Posts Tagged ‘author of our dreams’

Stuff of Dreams

Monday, August 28th, 2017

233totality

totality diptych by Max Greenstreet

“We are such stuff as dreams are made on; and our little life is rounded with a sleep.” Shakespeare

There’s an old vaudeville routine in which a guy goes to a doctor, painfully lifts his arm above his head and says, “Doc, every time I do this, it hurts like crazy.” The doctor looks at the guy and says, “Don’t do that.”

I recently had a run of lousy nights of sleep. When I don’t get a good night’s sleep, I am not a happy camper the next day—an afternoon nap my only hope of regaining equipoise. While searching for reasons why I was sleeping poorly after a spate of nights when I slept like a well-exercised child with a clear conscience, I realized I’d been reading national news within a few hours of going to bed.

To which the vaudeville doctor said, “Don’t do that.”

So I stopped reading or viewing any news for a few days and thereafter limited my intake to a little news in the morning; and thereafter having a good night’s sleep became much less problematic.

“Delusions of grandeur make me feel a lot better about myself.” Lily Tomlin

For most of the days of my life for the last forty-five years I’ve been writing a novel or play or screenplay or collection of stories. I write these longer works sequentially, not simultaneously. I’ve tried to write multiple works of fiction simultaneously a few times in my life, and my muse is never pleased. However, she does not mind sorties into non-fiction while I’m creating my larger fictive works. I theorize that my fiction writing employs neural pathways distinct from those used for writing non-fiction; thus the two processes do not collide.

My dreams, on the other hand, seem to share neural pathways with my fiction writing, and if I drift off to sleep thinking about the novel I’m writing, my dreams will compose scenes, often nonsensical, to fit, sort of, the fiction I’m working on. These dream/fiction hybrids can disturb my sleep much as nightmares will, so I try to leave my work at the office, so to speak, when I lay me down to sleep, though I’m not always successful at keeping my characters and plot twists at bay.

“In my dream, I am your customer, and the customer is always right.” Laurie Anderson

Over the course of my adult life, I’ve remembered dozens of dreams in which I am giving a piano concert for an enormous audience, or I am about to give such a concert. In some of these dreams, I enter the concert hall, see the piano I am supposed to perform on, and various obstacles and detours keep me from ever reaching the piano. In other dreams, I make it to the stage, sit down at the piano, and find keys missing or the piano is terribly out-of-tune or the piano is full of vines or cats or naked women, and is therefore unplayable. Or I begin to play and the keyboard disintegrates.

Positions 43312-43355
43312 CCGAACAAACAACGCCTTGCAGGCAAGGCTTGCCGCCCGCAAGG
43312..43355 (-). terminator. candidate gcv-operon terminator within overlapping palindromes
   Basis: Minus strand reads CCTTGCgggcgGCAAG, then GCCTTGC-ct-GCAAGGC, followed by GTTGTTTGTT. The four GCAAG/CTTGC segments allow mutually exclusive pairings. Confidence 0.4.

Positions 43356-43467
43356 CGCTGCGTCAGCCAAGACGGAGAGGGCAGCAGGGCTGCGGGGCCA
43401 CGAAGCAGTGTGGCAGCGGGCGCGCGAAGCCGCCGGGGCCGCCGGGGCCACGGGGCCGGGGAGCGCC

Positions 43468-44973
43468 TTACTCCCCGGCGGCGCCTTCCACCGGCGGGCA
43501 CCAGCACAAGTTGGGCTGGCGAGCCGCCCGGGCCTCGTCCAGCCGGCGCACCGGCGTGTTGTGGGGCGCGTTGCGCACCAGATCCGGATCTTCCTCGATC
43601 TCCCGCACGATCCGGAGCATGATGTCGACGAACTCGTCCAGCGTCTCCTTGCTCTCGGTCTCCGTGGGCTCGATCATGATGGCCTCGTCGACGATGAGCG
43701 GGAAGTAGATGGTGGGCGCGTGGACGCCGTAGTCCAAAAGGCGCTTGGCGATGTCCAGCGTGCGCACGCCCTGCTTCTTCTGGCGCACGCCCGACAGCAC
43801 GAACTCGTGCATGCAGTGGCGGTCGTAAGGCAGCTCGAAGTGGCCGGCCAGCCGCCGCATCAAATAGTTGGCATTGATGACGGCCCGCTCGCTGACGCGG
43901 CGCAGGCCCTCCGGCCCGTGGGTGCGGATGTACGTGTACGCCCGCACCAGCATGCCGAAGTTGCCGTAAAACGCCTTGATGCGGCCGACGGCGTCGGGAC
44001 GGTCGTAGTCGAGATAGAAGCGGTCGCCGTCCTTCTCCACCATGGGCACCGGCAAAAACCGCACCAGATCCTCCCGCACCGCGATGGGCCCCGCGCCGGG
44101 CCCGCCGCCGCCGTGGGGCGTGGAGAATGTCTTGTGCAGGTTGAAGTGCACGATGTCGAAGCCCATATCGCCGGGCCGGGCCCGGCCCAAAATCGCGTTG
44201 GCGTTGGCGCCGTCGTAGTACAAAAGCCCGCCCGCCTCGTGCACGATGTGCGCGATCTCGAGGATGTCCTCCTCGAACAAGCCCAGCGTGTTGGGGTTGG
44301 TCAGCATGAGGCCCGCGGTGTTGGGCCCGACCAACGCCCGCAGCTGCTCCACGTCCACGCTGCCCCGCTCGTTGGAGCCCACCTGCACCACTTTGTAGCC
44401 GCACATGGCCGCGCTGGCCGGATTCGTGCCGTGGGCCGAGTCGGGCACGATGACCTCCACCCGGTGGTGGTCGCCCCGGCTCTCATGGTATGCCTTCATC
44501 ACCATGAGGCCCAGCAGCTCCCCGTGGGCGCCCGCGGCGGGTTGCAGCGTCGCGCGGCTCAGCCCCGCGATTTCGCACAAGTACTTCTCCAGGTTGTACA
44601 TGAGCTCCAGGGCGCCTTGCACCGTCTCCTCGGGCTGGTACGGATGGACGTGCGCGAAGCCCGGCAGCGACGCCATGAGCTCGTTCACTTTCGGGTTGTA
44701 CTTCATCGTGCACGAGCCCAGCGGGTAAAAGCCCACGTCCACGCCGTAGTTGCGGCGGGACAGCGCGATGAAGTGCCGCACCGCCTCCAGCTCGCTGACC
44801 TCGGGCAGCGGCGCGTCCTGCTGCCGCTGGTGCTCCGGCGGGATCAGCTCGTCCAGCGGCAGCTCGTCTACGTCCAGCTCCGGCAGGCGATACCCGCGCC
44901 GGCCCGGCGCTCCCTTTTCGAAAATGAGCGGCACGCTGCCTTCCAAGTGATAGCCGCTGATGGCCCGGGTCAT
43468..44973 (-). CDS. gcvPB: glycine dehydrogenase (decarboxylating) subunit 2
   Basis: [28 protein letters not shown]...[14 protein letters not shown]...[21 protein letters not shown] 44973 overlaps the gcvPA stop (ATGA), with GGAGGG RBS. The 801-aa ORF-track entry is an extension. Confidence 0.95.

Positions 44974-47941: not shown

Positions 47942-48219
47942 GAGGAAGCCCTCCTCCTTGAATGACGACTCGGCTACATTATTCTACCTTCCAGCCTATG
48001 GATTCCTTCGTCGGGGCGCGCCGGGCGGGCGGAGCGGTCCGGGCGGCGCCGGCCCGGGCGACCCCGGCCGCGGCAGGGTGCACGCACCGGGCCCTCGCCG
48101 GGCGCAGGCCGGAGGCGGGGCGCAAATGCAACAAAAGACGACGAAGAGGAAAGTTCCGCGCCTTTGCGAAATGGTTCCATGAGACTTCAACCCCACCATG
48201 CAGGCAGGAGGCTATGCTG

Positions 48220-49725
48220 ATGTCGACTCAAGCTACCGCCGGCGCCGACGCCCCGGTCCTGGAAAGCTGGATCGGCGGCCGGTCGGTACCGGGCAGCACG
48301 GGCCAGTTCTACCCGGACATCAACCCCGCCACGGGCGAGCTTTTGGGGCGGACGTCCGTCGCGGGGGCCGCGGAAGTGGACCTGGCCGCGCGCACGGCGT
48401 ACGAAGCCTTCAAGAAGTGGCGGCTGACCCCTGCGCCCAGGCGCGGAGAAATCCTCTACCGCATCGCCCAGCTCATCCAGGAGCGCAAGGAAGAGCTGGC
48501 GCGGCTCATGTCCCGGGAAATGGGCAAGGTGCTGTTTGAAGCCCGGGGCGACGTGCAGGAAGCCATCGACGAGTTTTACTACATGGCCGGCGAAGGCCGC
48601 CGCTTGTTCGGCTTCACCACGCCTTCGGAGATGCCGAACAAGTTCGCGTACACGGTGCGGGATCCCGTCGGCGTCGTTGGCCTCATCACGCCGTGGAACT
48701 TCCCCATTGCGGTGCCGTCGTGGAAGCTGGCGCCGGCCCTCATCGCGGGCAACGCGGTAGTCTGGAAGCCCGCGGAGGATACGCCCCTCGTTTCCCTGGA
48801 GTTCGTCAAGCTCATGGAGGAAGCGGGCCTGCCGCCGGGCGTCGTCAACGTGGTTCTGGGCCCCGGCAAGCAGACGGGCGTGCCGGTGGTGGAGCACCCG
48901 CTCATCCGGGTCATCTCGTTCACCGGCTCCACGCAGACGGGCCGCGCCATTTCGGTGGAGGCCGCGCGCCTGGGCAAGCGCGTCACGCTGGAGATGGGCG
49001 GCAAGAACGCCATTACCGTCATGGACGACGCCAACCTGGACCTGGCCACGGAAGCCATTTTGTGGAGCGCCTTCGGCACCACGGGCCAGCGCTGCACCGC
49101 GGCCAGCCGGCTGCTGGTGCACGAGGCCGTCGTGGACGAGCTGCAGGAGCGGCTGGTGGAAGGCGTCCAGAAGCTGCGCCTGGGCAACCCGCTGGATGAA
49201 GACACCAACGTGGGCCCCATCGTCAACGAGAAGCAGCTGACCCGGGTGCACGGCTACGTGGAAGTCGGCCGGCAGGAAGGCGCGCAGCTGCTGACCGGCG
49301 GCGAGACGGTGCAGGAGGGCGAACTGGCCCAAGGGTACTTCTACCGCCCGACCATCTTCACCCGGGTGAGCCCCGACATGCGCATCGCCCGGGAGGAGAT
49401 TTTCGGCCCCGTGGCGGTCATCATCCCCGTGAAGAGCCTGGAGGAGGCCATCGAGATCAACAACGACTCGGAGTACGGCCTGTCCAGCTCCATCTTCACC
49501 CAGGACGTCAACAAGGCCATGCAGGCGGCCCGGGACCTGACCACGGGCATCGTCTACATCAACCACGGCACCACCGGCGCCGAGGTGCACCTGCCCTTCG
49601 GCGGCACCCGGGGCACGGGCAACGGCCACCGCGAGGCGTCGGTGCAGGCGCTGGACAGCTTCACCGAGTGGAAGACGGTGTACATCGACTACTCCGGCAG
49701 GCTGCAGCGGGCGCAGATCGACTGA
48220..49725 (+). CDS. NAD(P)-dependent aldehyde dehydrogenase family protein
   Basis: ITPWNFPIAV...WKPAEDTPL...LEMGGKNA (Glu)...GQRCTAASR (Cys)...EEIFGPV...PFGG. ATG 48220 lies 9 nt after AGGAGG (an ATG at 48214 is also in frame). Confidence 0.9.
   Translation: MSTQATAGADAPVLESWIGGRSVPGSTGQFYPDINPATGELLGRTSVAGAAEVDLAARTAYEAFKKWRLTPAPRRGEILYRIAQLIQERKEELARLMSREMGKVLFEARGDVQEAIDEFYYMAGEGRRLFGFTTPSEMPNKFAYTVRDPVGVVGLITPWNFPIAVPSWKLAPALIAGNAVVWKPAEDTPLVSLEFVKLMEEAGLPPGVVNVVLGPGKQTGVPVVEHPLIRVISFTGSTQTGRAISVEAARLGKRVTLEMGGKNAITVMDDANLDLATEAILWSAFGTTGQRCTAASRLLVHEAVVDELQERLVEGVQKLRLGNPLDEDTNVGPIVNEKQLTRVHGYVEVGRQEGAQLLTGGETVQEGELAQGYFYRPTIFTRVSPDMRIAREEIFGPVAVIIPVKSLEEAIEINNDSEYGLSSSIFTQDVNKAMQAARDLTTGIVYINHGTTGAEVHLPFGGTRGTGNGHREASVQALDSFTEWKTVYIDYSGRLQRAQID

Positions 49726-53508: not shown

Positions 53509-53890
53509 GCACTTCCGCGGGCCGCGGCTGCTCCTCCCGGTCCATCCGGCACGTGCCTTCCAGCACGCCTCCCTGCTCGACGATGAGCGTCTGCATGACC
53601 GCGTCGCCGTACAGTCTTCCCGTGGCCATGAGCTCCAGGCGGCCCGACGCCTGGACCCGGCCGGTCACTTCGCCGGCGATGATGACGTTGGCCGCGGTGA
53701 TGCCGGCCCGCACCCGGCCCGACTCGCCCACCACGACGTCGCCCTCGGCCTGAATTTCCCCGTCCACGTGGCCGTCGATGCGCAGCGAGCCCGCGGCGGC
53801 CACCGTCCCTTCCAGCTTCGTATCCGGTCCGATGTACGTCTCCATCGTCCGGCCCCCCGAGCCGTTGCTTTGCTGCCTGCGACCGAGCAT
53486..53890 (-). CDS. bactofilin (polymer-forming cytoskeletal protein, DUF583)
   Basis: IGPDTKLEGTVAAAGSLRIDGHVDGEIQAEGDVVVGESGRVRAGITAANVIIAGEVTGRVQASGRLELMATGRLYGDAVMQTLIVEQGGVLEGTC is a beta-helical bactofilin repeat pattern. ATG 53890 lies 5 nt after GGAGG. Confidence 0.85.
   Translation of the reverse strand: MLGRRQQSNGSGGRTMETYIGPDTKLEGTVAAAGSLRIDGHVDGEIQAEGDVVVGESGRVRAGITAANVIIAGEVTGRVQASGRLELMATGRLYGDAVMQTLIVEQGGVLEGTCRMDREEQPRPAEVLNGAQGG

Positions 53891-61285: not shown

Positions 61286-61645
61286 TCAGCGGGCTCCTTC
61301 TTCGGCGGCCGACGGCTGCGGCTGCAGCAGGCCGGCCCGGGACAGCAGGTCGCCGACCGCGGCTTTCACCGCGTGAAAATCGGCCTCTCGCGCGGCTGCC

However, in two of my piano dreams, the pianos remained intact and I played gorgeous danceable music, my fingers incapable of making mistakes, every note just right—and the crowd went wild.

“Sleep is the best meditation.” Dalai Lama

The brain/body/mind consortium is highly suggestible. I often forget to remember this. But when I do remember how suggestible my system is, and I take a few minutes before falling asleep to suggest to my brain/body/mind that I will sleep wonderfully well and wake rested and full of energy, I very often do.

“When an inner situation is not made conscious, it happens outside, as fate.” Carl Jung

I’ve always liked this pronouncement of Jung’s, which I take to mean that our unconscious patterns of behavior shape our waking lives as much or more than the conscious choices we make. From what I’ve read by and about Jung, I think he might also have said, “When an inner situation is not made conscious, it will express itself in our dreams, and we can interpret those dreams to help us uncover and perhaps overcome some of those unconscious patterns of behavior that are interfering with our happiness.”

Joseph Campbell frequently recounted the story of Jung undergoing psychoanalysis and reaching a profound impasse that stymied him for several months until he had an epiphany about the most blissful activity of his childhood: building little stone houses and villages. So he “followed his bliss”, bought some land on the shores of Lake Zürich, and built a stone house. While building this house, he had a series of dreams, the interpretations of which helped him overcome the impasse in his psychoanalysis.

“One does not dream; one is dreamed. We undergo the dream, we are the objects.” Carl Jung

Marcia and I both had bizarre dreams last night. Marcia’s dream involved going on a quest to find beer for the many uninvited guests crowding into the living room of our house that was not our house. She eventually made it all the way from Mendocino to India and forgot about trying to find beer.

My dream starred two darling children and their young mother who were trying to teach me their language, which seemed to be a mixture of Spanish and Arabic. I was sitting facing a large blackboard on which the children took turns writing words they wanted me to learn. One of the words was arastó. The children gleefully shouted arastó, but wouldn’t tell me what it meant.

Then a handsome young man entered the room and said his name was Abababus. He warned me to never forget the second ba when saying his name. I woke from this dream and could not go back to sleep until I got up and wrote down Abababus, lest I forget the second ba.

What caused these dreams? Marcia theorizes my spaghetti sauce—turmeric, cumin, garlic, various unusual heirloom tomatoes, red wine, olive oil—may have been the author of our dreams.